I was sorry when I heard of the death of Alastair (Ali) Donaldson who I knew as William Mysterious, once a member of The Rezillos. His obituary in The Scotsman is here. The Rezillos were, and are, a lively punk/new wave band fom Edinburgh who performed some great, light-hearted songs. I didn't know The Rezillos in their heyday of the late seventies but their reunion gig which I saw in around 2003 was about the best I've ever been to. Edinburgh audiences are known for their coolness, but for them the venue shook with ageing punks dancing themselves out of their old Rezillos T-shirts.
Ali left The Rezillos before they got big enough for Top of the Pops. He did various things after that, including busking and playing in Edinburgh's pubs. He appeared a lot at the Full Moon Club which my boyfriend Fritz Van Helsing ran and I helped out at, where he did humorous songs like Bring on the Pancakes. He often did The Rezillos' (My Baby Does) Good Sculptures, a song full of lightness and humour:-
She don't care For one night stands And naughty boys With sweaty hands She got a thing About carving wood Or shaping a figure From a lump of mud
Don't love my baby for her pouting lips Don't love my baby for her curvy hips I love my baby 'cos she does good sculptures yeah...!
We'd visit him and his lovely wife Ksenija in their little flat in the Southside. It was his second marriage and they had a baby, which Ali looked after while Ksenija worked. My memory is of Ksenija and I talking our heads off while Ali was present, handsome, a little detached and with a dry, understated humour.
Someone wrote a poem about him called "Billy, You've still got that Sax Appeal". (Ali played sax and bass, and other instruments as well).
The picture of a Power pop combo In the first flush Of joyous youthful arrogance Burns bright from within Scottish pop's murky depths They all had guitars They all had chords . .
And still, you sit On the sidelines by choice Watching all and sundry As if you're saying
"I'm free" and doing Exactly whatever the hell You want, just like Any true punk would
His funeral last week was attended by a lot of people from Edinburgh's music pub scene. Ali's own songs were played, as well as Johnny Cash performing The Beatles' In My Life.
There are places I remember All my life, though some have changed Some forever not for better Some have gone and some remain All these places have their moments With lovers and friends I still can recall Some are dead and some are living In my life I've loved them all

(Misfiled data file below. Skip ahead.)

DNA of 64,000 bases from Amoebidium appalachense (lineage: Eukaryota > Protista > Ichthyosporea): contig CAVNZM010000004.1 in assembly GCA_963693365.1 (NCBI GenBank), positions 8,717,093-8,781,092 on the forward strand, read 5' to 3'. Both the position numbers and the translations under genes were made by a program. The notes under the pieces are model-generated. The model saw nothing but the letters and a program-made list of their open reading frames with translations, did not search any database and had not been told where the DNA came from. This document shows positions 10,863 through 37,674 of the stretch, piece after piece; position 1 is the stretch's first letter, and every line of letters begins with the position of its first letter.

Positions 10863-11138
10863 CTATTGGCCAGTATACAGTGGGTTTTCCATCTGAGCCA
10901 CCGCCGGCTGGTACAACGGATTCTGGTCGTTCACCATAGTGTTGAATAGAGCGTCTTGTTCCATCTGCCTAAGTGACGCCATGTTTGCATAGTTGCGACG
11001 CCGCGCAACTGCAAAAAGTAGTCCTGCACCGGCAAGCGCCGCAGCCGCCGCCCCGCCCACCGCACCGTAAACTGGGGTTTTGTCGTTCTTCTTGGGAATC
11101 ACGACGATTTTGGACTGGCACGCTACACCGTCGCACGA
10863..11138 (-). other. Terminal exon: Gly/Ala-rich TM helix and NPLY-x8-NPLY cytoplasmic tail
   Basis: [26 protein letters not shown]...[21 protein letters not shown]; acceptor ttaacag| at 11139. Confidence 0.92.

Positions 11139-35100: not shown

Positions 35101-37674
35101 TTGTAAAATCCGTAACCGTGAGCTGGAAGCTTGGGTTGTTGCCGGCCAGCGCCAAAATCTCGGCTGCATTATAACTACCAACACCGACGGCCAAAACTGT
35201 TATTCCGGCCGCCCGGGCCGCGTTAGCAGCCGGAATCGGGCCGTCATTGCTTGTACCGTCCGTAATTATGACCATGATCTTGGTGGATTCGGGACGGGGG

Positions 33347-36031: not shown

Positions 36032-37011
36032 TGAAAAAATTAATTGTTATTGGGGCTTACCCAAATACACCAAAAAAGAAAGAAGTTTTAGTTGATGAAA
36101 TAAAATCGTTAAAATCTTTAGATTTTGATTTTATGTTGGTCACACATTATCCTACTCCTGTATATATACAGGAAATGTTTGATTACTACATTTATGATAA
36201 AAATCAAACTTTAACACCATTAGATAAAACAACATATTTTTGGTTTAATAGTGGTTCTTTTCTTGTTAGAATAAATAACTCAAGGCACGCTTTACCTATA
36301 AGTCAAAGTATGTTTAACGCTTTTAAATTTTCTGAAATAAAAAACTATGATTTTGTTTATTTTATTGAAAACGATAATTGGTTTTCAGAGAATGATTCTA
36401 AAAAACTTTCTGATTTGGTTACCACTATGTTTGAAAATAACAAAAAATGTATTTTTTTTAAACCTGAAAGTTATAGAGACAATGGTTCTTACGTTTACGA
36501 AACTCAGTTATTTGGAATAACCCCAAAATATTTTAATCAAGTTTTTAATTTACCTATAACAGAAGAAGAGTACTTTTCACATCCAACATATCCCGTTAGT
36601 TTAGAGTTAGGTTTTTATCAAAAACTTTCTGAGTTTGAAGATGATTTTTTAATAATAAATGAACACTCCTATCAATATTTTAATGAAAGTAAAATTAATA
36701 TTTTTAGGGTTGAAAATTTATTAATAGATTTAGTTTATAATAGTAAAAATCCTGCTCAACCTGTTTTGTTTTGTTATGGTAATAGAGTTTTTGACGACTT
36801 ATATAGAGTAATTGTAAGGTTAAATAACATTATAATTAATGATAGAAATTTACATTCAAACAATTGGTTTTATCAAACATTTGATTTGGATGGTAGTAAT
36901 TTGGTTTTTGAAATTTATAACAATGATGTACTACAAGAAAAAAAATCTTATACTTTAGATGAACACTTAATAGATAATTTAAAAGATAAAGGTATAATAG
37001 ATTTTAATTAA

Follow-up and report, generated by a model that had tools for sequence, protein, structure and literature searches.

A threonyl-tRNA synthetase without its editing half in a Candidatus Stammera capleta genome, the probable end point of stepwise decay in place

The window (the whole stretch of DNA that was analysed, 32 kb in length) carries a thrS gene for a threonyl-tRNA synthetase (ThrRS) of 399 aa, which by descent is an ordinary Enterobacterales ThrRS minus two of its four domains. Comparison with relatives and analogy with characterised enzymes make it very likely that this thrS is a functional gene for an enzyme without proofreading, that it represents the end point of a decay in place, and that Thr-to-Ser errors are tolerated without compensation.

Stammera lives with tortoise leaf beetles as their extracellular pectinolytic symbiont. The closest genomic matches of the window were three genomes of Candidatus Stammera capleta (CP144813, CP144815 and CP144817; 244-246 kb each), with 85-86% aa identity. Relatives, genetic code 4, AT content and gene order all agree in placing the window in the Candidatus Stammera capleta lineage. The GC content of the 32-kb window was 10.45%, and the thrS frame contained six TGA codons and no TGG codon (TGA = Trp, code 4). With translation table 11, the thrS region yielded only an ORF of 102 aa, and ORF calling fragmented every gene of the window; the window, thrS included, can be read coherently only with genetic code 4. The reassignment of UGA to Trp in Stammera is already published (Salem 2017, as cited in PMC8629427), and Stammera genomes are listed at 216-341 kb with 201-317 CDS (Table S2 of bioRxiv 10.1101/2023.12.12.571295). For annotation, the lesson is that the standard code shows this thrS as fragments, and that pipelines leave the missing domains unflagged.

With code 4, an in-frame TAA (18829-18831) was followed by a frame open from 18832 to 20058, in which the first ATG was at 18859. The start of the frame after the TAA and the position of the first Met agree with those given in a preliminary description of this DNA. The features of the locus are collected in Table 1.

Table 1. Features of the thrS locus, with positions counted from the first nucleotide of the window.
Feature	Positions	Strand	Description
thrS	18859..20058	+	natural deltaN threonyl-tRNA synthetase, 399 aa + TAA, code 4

But of all these friends and lovers There is no one compares with you And these memories lose their meaning When I think of love as something new Though I know I'll never lose affection For people and things that went before I know I'll often stop and think about them In my life I love you more
I saw Robert Ellis last night supporting Richard Thompson at Usher Hall, Edinburgh
Sing Along - guitar-picking song about being brought up as a Southern Baptist in the bible belt.
Nobody talks too loud in my home town Nobody stands too tall for fear of getting knocked down. .
And the flames of hell, they seemed so high I could barely see over the view I was just a boy when they told me that lie, But lord it seemed so true.
And that's a hell of a thing to do to a kid Just to teach him right from wrong You can burn in hell the rest of your days, Or you can choose to sing along.
Richard Thompson started off with songs from his new album Electric, including Salford Sunday
(He pointed out that Salford was the dirty old town of Ewan McColl's famous song.)
He still can write the songs though he did spend a lot of the evening doing guitar pyrotechnics - too much for my taste. I prefer him doing straight ballads. And he didn't do Beeswing or Vincent Black Lightening. But he did do this great version of Hey Joe:-
I live by Murrayfield Stadium. There's a Scots v NZ game today. Last weekend I could hear the sounds of the haka as I walked in Roseburn Park behind the stadium. It seems the NZers were practising. Today it's the bagpipes - a sound that always wrenches my heart, especially today.
Camille O'Sullivan was performing at The Queen's Hall on Tuesday. She sang Hurt:-
She was sitting on a chair in a red dress and very pale fish net stockings banging her feet and legs up and down to the music. As she moved this song along on its steps of menace and doom, she made the shivers go up my spine.
What a voice - she growls, she rasps, she belts and then she can go sweet. She inhabits the songs - she delivers them with high theatricality.
She covered Bob Dylan, Leonard Cohen, Jacques Brel, Kurt Weill, Nick Cave:-
She did a big teasing routine before she did In These Shoes - picking up the red sparkly shoes, putting them on, letting the intro go on for ever, and then performed it magnificently:-
In the Captain's Bar last night the duo Rantum Scantum were playing. Bobby Nicholson on guitar and vocals, Eddy Hanson on fiddle. Bobby Nicholson, writes funny, satirical songs. This is a recent topical one, Go and see the pandas:-
Things to do when nothin's on the telly (recorded live, so sound quality not good:-
So it was worth it - the rehearsals, the practice at home, the horrible stomach-twisting and cold-sweat nerves I get before performing. We played a blinder, and went down a storm. There were a load of bands playing that I've seen over the years, and they were all rocking at the top of their game. It was a grand memorial gig. Fritz would have really liked it.
Kudos to the organisers. Every band started on time with none of the usual delays. The sound engineer was excellent. A brilliant night.
The first act I saw were Fraktured Fingers – an amalgam of (I think) Frak and Nicotine Fingers. Appropriately enough the first song that I heard all night was written by Fritz and it kicked off a hugely enjoyable half hour or so of punky/new wave pop.